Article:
As any successful organization grows, the need for more sophistication and enhancements to control quality and efficiency exists. This comes in the form of highly experienced commercial lenders and proven outsource consultants such as the CU Business Group (CUBG).
CU Journal: Among the most notable headlines related to RCU was its acquisition of 11 AnchorBank branches. How did that come about, and can you describe the process of bringing both customers and employees into RCU's (and the credit union) culture?
Grossklaus: RCU targeted the region serviced by AnchorBank in our five-year strategic plan. Our history has shown us that we can be successful merging with smaller credit unions and produce great results. Our plan was to build an office each year, which included some of the communities that AnchorBank served. Purchasing the 11 offices and integrating 114 trained bank employees who were involved in the communities brought us creditability and collateral. The employees of AnchorBank shared many of the same principals and philosophies as RCU's employees. They cared for their customers and their communities just as we care for our members and the towns in which they live. The attitude of the AnchorBank employees helped foster a team spirit during the transition process.
Too often mergers leave employees and members feeling isolated or like they've experienced a takeover. Staying true to our focus on Members, employees and communities, we specifically created unique and exhaustive integration efforts. The real secret was our focus on the employees and the members during and throughout the transition so that they all felt like a part of the RCU family from day one.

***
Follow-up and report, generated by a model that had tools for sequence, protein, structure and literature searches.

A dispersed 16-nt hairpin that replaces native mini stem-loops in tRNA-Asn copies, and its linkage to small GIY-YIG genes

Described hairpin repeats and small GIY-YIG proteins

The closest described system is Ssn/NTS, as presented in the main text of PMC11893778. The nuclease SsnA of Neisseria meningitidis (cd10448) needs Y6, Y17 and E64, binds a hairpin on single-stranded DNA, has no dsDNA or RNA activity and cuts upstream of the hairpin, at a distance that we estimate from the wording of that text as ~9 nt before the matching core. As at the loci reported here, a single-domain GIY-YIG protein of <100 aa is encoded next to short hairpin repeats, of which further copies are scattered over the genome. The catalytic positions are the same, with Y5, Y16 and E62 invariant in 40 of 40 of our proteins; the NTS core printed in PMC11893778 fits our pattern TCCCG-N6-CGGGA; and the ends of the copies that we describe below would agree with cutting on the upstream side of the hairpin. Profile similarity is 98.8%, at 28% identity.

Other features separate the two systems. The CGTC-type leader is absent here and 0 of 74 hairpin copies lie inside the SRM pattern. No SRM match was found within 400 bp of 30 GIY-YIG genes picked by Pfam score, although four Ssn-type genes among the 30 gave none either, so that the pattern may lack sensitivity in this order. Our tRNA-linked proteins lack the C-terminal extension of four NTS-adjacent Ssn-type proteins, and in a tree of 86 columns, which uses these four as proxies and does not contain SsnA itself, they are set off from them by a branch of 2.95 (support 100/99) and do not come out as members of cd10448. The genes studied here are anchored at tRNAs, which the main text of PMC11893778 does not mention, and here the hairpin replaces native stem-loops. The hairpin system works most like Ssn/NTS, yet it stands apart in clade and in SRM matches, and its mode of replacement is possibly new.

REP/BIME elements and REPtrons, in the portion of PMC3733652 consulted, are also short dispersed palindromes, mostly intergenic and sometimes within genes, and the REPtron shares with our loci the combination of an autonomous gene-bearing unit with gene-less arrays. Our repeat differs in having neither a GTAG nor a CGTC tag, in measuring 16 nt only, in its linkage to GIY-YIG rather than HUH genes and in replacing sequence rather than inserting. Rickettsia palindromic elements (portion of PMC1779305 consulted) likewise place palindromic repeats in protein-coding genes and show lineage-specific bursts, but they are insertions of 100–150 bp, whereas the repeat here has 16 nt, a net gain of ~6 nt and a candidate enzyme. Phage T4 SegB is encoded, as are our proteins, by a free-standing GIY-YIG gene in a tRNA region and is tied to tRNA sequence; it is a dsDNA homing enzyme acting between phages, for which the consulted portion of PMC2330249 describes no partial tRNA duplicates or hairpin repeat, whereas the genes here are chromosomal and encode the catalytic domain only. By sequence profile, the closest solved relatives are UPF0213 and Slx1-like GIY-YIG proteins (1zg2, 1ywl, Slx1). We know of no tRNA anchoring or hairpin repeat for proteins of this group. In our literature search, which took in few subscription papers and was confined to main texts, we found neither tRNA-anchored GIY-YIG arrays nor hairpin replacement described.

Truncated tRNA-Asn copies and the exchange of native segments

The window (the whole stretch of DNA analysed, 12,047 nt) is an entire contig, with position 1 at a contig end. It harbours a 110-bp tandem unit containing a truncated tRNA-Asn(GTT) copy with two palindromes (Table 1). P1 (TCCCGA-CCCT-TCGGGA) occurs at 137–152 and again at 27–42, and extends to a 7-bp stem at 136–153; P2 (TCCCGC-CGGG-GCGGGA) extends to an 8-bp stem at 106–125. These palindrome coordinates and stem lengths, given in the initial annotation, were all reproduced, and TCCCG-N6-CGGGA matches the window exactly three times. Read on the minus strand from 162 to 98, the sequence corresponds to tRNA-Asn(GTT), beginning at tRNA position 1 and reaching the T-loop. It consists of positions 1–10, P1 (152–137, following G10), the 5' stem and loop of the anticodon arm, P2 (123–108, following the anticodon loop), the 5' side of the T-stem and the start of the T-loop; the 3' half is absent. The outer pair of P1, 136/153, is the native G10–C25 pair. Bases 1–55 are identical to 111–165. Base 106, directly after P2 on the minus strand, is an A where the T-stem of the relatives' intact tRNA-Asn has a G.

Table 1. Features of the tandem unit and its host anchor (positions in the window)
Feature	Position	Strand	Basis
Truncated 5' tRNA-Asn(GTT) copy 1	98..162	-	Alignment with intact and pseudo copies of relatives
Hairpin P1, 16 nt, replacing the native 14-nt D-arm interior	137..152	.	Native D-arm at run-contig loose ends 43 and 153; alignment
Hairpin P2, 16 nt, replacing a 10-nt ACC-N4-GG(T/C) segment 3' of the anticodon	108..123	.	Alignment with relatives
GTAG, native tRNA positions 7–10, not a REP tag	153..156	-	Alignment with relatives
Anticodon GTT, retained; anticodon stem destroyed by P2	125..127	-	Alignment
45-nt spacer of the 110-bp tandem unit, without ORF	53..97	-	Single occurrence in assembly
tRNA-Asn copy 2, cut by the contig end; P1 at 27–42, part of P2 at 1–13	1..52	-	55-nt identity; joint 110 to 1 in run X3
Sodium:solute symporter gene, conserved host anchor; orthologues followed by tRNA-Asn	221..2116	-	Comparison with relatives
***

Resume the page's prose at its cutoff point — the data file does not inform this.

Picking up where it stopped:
CU Journal: What have you learned about managing people during your career?
Grossklaus: I have learned to surround myself with knowledgeable, dedicated and hardworking people who embrace the principles and philosophies of RCU. I have also learned that listening can be far more beneficial than talking. The voices of the employees, board of directors, members and the communities have guided the direction of this credit union and will continue to shape its future for years to come. My advice is, if you want loyalty and trust, you need to give it first. I've found that people respond to honest and trustworthy relationships. I've found that employees, who connect with our members and at the same time are able to deliver results, provide the perfect balance to support RCU's mission. I've found that balance allows us to focus on our business objectives while never losing sight of the needs of members and community.
CU Journal: What is your view on the future of credit unions, if there is to be one?
Grossklaus: Well-managed credit unions have a strong future, as long as laws and regulations do not hinder our growth. Looking back, I think the same principles and focus areas of members, employees and communities will continue to serve credit unions well. At RCU, our success comes from our determined commitment to these three focus areas. We work to make decisions with these principles serving as our guide. As long as we are able to stay true to our mission without becoming over-regulated, there is no limit to the potential of credit unions. Put simply, we exist to serve our members, not profit from them.